The cathedral is located on a hill right off of Session Road. From town, you can either walk (maybe 15 minutes or so), take a jeepney or a taxi. All cabs are pretty much metered. We spent around 29 pesos from Burnham Park to the Cathedral. The cathedral was heavily bombed during WWII, when many people used the church as a refuge for over 5,000 locals. Most of the victims are buried in the nearby cemetery.
The modern looking cathedral has a clock on one of it's spires. We happened to visit just at the end of mass. This was really interesting as many people were waiting outside, since the cathedral was full. Catholicism is the primary religion in the Philippines and very popular in Baguio.
I was told being a child that if you visit for the first time in a church of a place, you should make a wish and your wish will come true! So, why not visit the Baguio Cathedral when you are visiting Baguio?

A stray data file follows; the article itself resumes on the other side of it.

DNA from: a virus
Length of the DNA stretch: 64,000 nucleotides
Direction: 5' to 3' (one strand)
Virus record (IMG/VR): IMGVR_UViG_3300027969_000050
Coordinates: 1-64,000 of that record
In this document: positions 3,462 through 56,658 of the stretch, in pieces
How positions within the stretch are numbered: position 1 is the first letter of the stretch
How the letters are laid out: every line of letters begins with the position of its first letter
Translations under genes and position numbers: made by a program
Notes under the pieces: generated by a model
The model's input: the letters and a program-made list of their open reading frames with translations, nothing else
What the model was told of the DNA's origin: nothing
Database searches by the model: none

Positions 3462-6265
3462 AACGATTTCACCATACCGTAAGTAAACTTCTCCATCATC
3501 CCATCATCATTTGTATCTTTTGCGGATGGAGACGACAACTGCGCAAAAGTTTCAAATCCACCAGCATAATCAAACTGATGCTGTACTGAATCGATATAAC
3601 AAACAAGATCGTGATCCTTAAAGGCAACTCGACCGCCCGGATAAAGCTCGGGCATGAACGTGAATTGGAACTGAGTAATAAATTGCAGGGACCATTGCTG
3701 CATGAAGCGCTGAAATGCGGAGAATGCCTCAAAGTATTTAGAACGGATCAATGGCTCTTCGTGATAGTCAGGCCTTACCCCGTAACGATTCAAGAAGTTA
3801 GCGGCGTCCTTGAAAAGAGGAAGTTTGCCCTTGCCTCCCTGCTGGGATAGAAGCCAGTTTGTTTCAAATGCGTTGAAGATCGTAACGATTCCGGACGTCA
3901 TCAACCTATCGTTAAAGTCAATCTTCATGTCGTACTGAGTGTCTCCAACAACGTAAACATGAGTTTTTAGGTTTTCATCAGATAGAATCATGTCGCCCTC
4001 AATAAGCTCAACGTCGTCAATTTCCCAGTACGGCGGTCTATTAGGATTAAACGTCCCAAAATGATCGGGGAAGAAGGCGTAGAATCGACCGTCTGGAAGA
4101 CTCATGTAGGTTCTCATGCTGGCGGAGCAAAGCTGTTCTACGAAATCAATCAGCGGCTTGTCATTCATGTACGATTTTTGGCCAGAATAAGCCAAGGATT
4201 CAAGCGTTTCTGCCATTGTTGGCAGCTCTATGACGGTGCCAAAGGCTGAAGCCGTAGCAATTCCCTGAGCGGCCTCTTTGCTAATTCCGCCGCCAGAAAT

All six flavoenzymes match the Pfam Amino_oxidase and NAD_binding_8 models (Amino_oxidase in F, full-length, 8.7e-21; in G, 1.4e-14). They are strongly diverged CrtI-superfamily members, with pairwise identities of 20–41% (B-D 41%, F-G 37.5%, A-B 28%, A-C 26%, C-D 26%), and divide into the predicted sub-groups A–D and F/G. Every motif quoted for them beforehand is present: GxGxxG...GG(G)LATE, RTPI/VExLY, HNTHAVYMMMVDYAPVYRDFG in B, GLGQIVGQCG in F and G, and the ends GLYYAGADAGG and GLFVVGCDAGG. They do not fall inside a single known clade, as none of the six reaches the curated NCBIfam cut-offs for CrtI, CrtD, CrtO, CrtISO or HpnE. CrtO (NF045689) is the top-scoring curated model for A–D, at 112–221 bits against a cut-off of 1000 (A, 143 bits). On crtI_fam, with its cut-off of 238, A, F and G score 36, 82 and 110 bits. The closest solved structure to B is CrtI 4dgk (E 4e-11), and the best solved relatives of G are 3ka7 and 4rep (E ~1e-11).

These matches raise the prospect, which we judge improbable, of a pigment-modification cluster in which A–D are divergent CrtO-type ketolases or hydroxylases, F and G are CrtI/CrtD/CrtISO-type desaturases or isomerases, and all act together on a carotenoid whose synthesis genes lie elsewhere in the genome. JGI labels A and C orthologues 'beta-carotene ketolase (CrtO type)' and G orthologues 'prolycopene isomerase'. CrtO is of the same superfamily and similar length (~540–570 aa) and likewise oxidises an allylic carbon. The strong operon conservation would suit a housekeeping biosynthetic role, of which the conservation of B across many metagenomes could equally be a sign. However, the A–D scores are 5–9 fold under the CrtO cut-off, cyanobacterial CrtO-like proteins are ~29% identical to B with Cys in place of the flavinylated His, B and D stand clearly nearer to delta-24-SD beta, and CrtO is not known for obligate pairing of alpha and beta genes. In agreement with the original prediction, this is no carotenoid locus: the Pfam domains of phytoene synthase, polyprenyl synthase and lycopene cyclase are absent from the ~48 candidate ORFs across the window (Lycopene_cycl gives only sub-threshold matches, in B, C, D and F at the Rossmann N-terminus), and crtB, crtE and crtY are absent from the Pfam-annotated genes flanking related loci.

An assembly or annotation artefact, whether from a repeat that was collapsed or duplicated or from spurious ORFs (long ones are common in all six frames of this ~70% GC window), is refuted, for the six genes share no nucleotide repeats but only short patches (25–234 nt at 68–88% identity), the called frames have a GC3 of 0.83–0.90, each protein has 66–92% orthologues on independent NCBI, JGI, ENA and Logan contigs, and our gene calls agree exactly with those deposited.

The Baguio Cathedral offers mass on a daily basis if you are a pious Roman Catholic! If you are not, then just go there and check out the tinted and painted windows. The walls of the church were made of mahogany- the national tree of the Philippines!
There are parkings at the church. In fact, it is better to park there and walk down the steepy stairway going down to Session Road (that's a great tip for tourists who brought their own transportation).
Baguio Cathedral and the Grotto of Our Lady of Lourdes which sits on top of Dominican Hill are city landmarks. Devotees prefer to climb the 252-step ascent than drive through a winding road to reach the shrine.
Walk the Our Lady of the Atonement Cathedral famously known as Baguio Cathedral along Session Road. Your Baguio City visit isn't complete without visiting the rose colored cathedral.
On the left side of the Cathedral, the church has built a stone where the 10 commandments were written.